Bridging the gap between theory and reality

August 10, 2015

One of the fantastic characteristics of this fellowship has been the opportunity to learn from both academics and practitioners from the field of peacebuilding. However, as we enter into our final week of the fellowship, I am beginning to rethink the ways in which the two different fields can collaborate. During our sessions with Professor Kathryn Poethig, she asked us about the issues that we are prickling with throughout this fellowship. My issue has been understanding the various players and stakeholders that are engaged on the ground and understanding their interest before trying to make a decision or believing in a certain theory.

We had extremely engaging and informative sessions with Professor Poethig. Towards the end of her last session, she asked us some broader questions – one of which was revolving around the idea of systems and our agency as human beings. I heard a lot of frustrated voices today, and some of them were revolved around the idea that the best solution to the kind of patriarchal, capitalist, unipolar society is to re-start a new system. Although it seems like the right thing to do (and I would sign up if Bernie led it), I believe that the system is not where the fault lies. I believe that the system, in its principle, works. However, what does not work as often, are the different functionalities within the system. For example, the system of prison, as a way of providing rehabilitative support for individuals who have lost their path in the journey of life – works. However, the way we treat our prisoners is problematic – instead of supporting and understanding their circumstances to help them cope with it, we lock them up and provide them with minimal programming. That is exactly the problem with the larger system of governance and world structures. I am one of the people who strongly believes that systems have the ability to change, and we have many examples to vouch for that – it was a change in system that led to the civil rights movements in this country. This was a result of years of perseverance and dedication on the part of citizens and leaders, who took up these issues actively and fought for what they believed was right. If Gandhi had given up hope on fighting such a monstrous British regime in India, the independence would probably take much longer.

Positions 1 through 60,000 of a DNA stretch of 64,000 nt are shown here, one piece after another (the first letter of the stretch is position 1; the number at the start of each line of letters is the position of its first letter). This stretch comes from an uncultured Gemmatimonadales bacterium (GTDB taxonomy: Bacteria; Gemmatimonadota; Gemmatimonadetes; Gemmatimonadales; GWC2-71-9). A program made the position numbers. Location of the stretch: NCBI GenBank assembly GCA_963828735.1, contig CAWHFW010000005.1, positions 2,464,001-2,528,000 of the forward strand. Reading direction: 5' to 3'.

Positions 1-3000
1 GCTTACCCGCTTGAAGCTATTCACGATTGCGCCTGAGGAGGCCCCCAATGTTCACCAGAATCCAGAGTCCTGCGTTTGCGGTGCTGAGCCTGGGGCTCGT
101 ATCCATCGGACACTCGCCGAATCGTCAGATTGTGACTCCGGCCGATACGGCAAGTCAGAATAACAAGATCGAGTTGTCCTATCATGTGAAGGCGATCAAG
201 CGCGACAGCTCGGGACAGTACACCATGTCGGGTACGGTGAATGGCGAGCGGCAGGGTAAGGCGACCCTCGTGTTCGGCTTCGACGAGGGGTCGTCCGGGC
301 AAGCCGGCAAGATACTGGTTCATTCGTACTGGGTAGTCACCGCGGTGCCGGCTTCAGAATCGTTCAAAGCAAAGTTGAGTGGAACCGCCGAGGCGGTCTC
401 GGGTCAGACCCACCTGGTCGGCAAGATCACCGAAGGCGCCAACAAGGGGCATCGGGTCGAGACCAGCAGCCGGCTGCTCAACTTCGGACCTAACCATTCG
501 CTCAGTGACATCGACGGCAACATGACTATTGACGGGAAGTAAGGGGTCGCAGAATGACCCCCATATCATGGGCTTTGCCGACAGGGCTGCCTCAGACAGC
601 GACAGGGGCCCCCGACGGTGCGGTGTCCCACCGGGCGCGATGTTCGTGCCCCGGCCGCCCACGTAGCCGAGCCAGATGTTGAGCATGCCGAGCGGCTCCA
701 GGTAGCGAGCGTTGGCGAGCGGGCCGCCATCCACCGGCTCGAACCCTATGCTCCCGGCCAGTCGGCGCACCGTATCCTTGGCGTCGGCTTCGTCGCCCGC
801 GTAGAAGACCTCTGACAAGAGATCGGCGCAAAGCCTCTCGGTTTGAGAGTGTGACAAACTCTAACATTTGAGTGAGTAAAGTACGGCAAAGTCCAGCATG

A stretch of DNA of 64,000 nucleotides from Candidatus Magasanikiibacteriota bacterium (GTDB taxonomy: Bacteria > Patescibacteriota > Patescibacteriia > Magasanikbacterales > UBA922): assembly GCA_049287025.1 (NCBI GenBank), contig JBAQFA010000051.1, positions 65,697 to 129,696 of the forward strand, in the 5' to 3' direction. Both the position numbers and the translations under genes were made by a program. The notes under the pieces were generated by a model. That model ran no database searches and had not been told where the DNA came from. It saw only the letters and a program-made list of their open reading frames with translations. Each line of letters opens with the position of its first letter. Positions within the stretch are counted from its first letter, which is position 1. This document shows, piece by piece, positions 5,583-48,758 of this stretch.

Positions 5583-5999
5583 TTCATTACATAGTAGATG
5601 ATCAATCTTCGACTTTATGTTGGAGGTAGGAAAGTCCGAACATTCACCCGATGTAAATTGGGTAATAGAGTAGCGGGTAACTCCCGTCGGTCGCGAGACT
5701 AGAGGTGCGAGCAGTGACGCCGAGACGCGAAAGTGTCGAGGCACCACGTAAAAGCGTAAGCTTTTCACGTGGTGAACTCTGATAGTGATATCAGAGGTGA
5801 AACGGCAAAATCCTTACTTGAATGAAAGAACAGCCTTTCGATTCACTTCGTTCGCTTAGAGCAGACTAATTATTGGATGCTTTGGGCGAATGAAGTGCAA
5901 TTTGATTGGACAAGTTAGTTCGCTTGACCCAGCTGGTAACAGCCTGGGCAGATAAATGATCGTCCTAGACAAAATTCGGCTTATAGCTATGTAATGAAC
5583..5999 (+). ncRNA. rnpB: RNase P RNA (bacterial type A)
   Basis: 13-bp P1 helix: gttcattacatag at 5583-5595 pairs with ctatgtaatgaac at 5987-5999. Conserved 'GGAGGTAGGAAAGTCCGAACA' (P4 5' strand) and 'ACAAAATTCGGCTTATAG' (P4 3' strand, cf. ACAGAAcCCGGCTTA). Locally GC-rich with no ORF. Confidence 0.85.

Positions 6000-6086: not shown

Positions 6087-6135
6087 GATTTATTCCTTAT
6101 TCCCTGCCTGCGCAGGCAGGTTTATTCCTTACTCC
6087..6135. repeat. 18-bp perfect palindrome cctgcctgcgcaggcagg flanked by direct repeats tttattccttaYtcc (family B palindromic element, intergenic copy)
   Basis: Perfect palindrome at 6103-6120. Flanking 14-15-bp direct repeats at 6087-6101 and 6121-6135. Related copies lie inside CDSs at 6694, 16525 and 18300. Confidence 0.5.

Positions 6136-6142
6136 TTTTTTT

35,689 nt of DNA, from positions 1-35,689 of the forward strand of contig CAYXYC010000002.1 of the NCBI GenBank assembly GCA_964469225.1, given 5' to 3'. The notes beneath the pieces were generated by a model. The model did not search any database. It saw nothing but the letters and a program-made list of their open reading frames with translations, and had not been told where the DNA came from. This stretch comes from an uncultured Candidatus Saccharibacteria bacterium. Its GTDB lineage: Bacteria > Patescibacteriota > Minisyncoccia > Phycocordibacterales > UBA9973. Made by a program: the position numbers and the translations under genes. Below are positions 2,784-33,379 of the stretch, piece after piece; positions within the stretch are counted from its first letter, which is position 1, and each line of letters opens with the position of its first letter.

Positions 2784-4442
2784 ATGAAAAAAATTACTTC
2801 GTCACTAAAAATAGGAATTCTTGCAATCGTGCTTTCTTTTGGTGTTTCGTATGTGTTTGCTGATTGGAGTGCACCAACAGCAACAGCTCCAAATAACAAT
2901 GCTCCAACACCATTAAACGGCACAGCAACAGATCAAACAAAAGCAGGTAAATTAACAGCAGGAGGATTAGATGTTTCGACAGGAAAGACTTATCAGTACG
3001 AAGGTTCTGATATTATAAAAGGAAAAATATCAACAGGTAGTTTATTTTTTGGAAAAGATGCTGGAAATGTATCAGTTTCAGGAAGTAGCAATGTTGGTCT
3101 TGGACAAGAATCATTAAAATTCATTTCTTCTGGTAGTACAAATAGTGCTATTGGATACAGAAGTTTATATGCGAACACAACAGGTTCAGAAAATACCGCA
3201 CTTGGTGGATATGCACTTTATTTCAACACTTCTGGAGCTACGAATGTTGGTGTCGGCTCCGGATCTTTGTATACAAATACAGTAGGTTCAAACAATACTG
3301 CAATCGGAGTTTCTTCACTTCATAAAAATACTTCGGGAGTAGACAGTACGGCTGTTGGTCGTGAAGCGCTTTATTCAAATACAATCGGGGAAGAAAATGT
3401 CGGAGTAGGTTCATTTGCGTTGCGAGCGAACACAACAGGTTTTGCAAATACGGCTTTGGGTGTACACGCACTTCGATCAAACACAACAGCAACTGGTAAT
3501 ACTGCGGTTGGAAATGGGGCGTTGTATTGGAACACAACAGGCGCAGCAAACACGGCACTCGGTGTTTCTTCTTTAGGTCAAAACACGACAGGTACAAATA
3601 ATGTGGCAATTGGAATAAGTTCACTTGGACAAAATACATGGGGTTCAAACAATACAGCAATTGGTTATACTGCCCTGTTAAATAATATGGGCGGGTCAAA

Although theoretically, the thought of a world revolution sounds amazing, I believe that we have to get our priorities right – I am not trying to kill the idealism that we still maintain, but when working on the ground, that level of idealistic philosophy becomes crushed the minute you enter a place where the discussion starts from ground zero. Perhaps many of us will end up as academics, and some as practitioners. For all my practicing friends out there, lets keep fighting for a perfect system, but lets maintain our thoughts on the ground and more importantly, understand what the people on the ground need. For the ones more focused on academia, I suggest we maintain a stronger relationship because it is your research and study that allows the practitioners to understand best practices across countries, cultures, and years. Both groups have valuable input in the field of peacebuilding, but the collaboration is missing. I am confident that we can fill that vacuum and really leverage our education to support the ‘industry’ of peacebuilding in one way or another.


August 5, 2015

One key lesson that I am getting from the experience thus far at the Summer Peacebuilding Program is that peace building is a form of art. It is not something that one can learn from by just going through articles and papers written by renowned scholars (although that provides a strong base). From our experience over the past few days, I have come to conclude that peace building requires greater amount of engagement in the field from the very beginning to ensure that peace builders can make a connection between theory and practice. Almost all of the professors and speakers that we have heard from, have worked in the field at some point in their life, and that too, extensively. One of the many speakers who inspired this thought was Kazu Haga, who is the founder of East Point Peace Academy. In an extremely engaging presentation, he talked about how the army, before going into the field, practices and ensures that they are perfect and ready to wage war on countries. According to him, that is precisely the kind of training that is needed for peace builders to be able to wage war on violence. He said “you cannot face violence without serious training. I compare nonviolence to martial arts – its a lifelong learning process”. Therefore, he has started the East Point Peace Academy, which “empowers communities by helping to nurture the skills and the inspiration to be the agents for change”. By training and supporting local communities to voice their opinions and fight against injustice, he has been able to inspire movements in various prisons, and local communities. This was one example of how peace building is a form of art, because Kazu took the Kingian philosophy of nonviolence and created a program that can further motivate young people to take up nonviolent means of protesting. Another point that was interesting about Kazu’s presentation was his emphasis on how, as peacemakers, we should be comfortable with the concept of conflict. He urged us to understand conflict in order to transform such conflicts for the betterment of these communities. This is an important advice, because it reenforces the idea that in order to be peace builders, we should spend considerable amount of time on the ground talking to the different groups involved and ensure that we help foster solutions that are desirable by community members. As Kazu said, it is key to put yourself in other’s shoes and understanding their perspective before making a judgement about their action. And it is key to remember that understanding doesn’t mean agreeing with the other group and their perspective.